Polymer electrolyte membrane fuel cells (PEMFCs) have been described as potential power systems for the future of the automotive sector. These devices combine hydrogen and oxygen to form water and to generate electricity. Benefits of the system include no tailpipe emissions, and the potential for higher efficiency than standard internal combustion engines. While these systems have improved over the years, there are still technical challenges that must be overcome before bringing them to the commercial vehicle market, including increasing the power output of these systems and reducing the total cost. One method of achieving this is to increase the power density of the individual fuel cells, allowing for smaller packs with higher power output, which saves on material costs, and improves power to the wheels. One potential way of improving power density is through improvements to the gas distributor design of the fuel cell, also known as the flow field, through the use of the interdigitated flow field. There has been simulation work exploring how design parameters affect the performance characteristics of the interdigitated flow field, but little in the way of experimental work to support these simulations. This dissertation provides experimental data on interdigitated flow field design choices, specifically how channel width, channel depth and channel length affect the performance and water removal characteristics. It further provides information on how gas diffusion layer (GDL) choices and cross flow velocity interact to affect the water removal characteristics of the fuel cell. This work is achieved using polarization curve based performance testing and neutron radiography to identify water in the flow field. This work found that for the interdigitated flow field, shorter channels result in improved performance, up to a 33% difference in the maximum net power for some conditions. The improved performance is due to improved water removal capabilities of the flow field. Flow field raw power and limiting current density both benefit from narrower, shallower channels, resulting in a 50% improvement in power density from standard 1x1mm to small 0.25x0.25mm channels. There does seem to be a point beyond which decreasing the channel dimensions will actually reduce net power density performance, due to high parasitic pumping power losses associated with the small dimensions. Finally, the choice of gas diffusion layer in these flow fields has a notable effect on the liquid water handling of the fuel cell, particularly at higher cross flow rates. All of these effects are taken into account when making a recommendation on design choices and the associated recommended operating conditions in interdigitated flow field fuel cells.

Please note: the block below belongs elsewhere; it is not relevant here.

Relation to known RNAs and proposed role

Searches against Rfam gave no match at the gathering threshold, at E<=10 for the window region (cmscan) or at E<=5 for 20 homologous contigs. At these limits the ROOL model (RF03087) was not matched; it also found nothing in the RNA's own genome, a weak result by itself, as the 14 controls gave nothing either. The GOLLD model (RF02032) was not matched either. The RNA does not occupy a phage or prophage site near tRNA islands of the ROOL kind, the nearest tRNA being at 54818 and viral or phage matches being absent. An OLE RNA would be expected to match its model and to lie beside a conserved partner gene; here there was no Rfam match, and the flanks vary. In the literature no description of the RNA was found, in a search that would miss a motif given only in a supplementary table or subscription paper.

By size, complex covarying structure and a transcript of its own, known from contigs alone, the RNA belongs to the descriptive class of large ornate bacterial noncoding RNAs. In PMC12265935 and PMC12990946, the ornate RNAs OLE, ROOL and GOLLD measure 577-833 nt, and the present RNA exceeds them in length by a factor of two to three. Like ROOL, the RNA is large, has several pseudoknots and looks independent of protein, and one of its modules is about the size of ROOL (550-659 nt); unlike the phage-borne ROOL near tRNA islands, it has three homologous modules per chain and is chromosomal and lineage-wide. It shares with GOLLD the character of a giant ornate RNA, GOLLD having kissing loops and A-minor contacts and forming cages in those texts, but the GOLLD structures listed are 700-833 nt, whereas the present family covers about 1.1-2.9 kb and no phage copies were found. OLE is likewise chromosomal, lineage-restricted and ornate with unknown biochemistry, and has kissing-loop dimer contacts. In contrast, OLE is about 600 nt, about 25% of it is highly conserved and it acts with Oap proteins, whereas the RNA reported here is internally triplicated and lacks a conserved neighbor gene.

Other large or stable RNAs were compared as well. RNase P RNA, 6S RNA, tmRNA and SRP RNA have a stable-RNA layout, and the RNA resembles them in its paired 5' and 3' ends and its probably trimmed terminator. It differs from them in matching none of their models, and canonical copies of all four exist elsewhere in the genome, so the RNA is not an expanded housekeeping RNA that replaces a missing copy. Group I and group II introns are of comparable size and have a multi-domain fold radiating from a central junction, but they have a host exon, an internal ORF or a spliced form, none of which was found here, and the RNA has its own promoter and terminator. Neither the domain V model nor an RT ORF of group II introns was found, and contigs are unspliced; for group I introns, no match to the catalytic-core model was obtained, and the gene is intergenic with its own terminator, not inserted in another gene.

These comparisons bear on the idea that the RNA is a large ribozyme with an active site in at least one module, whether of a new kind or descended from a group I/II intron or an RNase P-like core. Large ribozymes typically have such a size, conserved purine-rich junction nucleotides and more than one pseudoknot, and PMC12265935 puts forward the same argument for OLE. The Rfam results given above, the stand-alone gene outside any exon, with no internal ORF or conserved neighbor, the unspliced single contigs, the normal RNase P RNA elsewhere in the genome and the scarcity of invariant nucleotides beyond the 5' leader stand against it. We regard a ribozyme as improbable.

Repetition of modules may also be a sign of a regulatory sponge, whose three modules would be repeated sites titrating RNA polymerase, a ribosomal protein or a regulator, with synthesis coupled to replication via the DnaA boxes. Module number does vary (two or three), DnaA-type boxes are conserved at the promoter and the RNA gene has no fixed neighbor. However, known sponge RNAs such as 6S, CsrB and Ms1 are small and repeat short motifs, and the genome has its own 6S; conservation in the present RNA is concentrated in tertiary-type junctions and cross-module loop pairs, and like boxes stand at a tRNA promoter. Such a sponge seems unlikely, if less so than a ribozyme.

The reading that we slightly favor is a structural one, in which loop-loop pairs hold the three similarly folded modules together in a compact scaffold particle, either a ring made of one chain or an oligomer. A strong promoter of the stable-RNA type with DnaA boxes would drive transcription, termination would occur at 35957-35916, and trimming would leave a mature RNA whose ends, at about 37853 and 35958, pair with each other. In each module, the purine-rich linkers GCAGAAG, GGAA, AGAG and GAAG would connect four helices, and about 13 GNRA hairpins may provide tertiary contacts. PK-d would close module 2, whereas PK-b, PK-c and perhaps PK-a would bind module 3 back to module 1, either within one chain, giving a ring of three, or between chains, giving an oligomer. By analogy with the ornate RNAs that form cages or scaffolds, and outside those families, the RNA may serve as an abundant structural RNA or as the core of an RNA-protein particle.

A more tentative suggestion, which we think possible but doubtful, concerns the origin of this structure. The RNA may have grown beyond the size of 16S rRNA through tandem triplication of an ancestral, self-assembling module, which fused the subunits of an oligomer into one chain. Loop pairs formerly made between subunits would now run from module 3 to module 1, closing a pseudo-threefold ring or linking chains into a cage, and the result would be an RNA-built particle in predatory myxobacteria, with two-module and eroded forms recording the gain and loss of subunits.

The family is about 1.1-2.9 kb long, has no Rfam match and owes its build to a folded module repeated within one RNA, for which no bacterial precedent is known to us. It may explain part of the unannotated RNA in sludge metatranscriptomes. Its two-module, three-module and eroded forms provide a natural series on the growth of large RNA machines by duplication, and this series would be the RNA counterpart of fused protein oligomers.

|Advisor:||Park, Jae Wan|
|Commitee:||Erickson, Paul A., Shaw, Benjamin D.|
|School:||University of California, Davis|
|Department:||Mechanical and Aerospace Engineering|
|School Location:||United States -- California|
|Source:||DAI-B 78/07(E), Dissertation Abstracts International|
|Keywords:||Cross flow, Flow field, Fuel cell, Interdigitated, Polarization curve, Polymer electrolyte membrane pem|
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